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  • Author: Philomena Murray
  • Publication Date: 05-2010
  • Content Type: Journal Article
  • Journal: International Politics
  • Institution: Palgrave Macmillan
  • Abstract: In comparative regional integration (RI) analysis, the European Union's (EU) advancing of its own experience as a model is a significant problem. This article explores this problem by focusing on comparative aspects of RI in the EU and East Asia. It argues that there are important and valid aspects of comparison, such as the origins and objectives of these two regions, but fewer points of comparison between the two when it comes to achieving their objectives. It suggests that historical differences between the two regions constitute the major reason that a direct comparison is neither useful nor productive. It analyses the centrality and the exceptionalism of the EU in much of the comparative RI literature. It agues that the promotion of the EU experience as a form of model or paradigm is far from analytically helpful – the method of comparative analysis needs be the focus of our study as much as the objects of comparison. The article examines how the centrality of the EU in some analysis can amount to a form of de facto snobbery in the positioning of the EU on a rather unsteady pedestal. This 'integration snobbery' – to coin a phrase utilized by an EU official – is not constructive for comparative analysis of the EU and East Asia.
  • Political Geography: Europe, East Asia
  • Author: Lay Hwee Yeo
  • Publication Date: 05-2010
  • Content Type: Journal Article
  • Journal: International Politics
  • Institution: Palgrave Macmillan
  • Abstract: For much of the second half of the twentieth century, regionalism has been conceptualized with reference to Europe. The European Union (EU) is seen as the most successful example of regional integration and this 'model' is largely based on an exclusive 'institutional' regionalism where integration is achieved through endowing specific institutions with far-reaching decision-making powers to shape the behaviour of the member states. In contrast, the East Asian region-building process seems to operate on a different logic, with an emphasis on open-ended networked regionalism. This article sketches out the process of regional construction in Europe and East Asia and attempts to develop and contextualize the idea of networked regionalism in order to assess how useful it can be in explaining the trajectory and contours of region-building in East Asia.
  • Political Geography: Europe, East Asia, Asia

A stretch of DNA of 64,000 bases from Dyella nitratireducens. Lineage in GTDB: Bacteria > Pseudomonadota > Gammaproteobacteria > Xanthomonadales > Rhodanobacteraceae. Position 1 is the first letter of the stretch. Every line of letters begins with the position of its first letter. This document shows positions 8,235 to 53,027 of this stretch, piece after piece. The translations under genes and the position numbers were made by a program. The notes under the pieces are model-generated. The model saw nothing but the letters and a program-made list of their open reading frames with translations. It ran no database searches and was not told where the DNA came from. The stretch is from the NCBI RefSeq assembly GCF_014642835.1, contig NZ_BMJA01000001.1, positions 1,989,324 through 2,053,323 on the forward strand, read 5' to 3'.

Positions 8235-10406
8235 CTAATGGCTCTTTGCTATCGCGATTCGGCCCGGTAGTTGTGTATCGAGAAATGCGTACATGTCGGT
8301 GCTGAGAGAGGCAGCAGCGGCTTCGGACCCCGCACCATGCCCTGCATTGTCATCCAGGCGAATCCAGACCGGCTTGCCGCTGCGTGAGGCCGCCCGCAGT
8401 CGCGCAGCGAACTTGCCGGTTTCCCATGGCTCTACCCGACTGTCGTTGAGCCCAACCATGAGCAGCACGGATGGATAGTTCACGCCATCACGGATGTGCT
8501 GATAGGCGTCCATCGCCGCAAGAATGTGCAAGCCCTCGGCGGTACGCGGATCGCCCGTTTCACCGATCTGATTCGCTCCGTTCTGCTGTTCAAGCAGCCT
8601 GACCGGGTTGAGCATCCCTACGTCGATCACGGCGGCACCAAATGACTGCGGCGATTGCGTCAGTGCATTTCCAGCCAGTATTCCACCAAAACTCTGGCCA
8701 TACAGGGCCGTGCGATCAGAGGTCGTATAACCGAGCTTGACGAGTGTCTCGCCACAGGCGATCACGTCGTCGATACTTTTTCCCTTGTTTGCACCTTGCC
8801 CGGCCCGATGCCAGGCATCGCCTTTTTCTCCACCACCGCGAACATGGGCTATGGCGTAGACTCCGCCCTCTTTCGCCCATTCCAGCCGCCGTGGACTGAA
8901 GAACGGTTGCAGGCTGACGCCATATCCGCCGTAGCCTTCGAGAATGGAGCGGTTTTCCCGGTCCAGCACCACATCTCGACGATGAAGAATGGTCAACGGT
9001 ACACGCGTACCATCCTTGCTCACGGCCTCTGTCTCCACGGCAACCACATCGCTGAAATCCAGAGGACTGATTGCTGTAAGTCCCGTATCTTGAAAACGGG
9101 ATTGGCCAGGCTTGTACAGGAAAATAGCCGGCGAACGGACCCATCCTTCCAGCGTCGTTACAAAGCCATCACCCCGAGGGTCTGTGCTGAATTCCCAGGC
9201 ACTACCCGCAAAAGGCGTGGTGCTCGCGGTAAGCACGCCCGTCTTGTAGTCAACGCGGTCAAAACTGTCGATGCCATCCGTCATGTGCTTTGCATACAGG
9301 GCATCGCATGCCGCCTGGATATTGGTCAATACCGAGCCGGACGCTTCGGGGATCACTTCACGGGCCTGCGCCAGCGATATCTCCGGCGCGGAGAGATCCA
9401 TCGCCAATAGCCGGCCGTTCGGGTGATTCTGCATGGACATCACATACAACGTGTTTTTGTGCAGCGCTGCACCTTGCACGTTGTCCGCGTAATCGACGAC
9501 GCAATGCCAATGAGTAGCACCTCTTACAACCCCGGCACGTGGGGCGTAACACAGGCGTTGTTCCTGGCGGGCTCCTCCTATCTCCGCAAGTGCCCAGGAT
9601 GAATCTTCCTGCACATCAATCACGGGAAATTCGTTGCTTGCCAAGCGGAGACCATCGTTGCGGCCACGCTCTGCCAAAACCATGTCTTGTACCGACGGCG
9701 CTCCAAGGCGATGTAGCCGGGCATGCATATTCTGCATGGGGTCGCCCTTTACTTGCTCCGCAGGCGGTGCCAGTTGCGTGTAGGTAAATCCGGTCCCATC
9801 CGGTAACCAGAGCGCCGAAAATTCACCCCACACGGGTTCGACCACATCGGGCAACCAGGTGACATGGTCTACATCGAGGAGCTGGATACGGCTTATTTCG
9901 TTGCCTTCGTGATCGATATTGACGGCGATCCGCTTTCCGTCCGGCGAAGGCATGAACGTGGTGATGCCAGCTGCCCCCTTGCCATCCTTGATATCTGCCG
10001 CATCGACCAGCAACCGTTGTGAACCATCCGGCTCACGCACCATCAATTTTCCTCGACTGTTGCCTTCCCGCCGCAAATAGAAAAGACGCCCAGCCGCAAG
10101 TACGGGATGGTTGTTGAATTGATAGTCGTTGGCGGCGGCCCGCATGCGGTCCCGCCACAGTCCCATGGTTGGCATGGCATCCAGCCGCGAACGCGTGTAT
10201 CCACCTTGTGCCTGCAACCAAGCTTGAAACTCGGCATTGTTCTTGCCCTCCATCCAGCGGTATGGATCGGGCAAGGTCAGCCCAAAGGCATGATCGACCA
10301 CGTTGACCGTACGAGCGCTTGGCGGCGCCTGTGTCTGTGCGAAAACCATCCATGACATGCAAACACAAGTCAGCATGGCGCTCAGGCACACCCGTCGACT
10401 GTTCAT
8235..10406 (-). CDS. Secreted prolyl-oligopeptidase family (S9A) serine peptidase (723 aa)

• Author: Cesar de Prado
  • Publication Date: 05-2010
  • Content Type: Journal Article
  • Journal: International Politics
  • Institution: Palgrave Macmillan
  • Abstract: This article argues that multidimensional regional processes have an external projection that may be explained by their semi-liberal governance structures. It analyses the European Union (EU) and the East Asian grouping of countries, focussing on the Association of Southeast Asian Nations (ASEAN) and the active participation of Japan, South Korea and the People's Republic of China within ASEAN Plus Three. Both regional processes have a multi-level external projection as seen in their links with key states (especially the United States), other regional processes, and global regimes like the UN and the G20. In both cases, one finds that public actors have to collaborate with private actors, although they do so in a restricted fashion and often using think tanks and elite public-private intellectual (track-2) actors. The comparative analysis concludes with some hypotheses regarding the consolidation of regional processes in the world.
  • Topic: Foreign Policy, United Nations
  • Political Geography: Russia, China, Taiwan, East Asia, South Korea, Southeast Asia
  • Author: Hee-Yul Chai
  • Publication Date: 05-2010
  • Content Type: Journal Article
  • Journal: International Politics
  • Institution: Palgrave Macmillan
  • Abstract: In recent years, there has been considerable scholarly and policy community attention accorded to comparisons between the EU's monetary integration and attempts to create monetary integration in East Asia. This article examines these attempts in comparative perspective, focusing in particular on the challenges of monetary integration in Asia. After explaining recent development of financial and monetary cooperation initiatives in East Asia, such as Post-Chiang Mai Initiative and the attempt to introduce a Regional Currency Unit (RCU), this article illustrates why it is preferable for East Asia, in its attempt to pursue monetary integration, to follow a path similar to the European experience, rather than to follow alternative paths such as a parallel currency approach or a harmonized inflation targeting. That RCU could in the future be issued by the so-called 'Asian Exchange Rate Stabilization Fund' (AERSF). The AERSF would assure the stability of regional currencies taken as a whole vis-à-vis third currencies, and between themselves as well, and as such, pave the way for full monetary integration in Asia. Comparisons with Europe are explored and implications for European and Asian regionalism are examined.
  • Political Geography: Europe, East Asia, Asia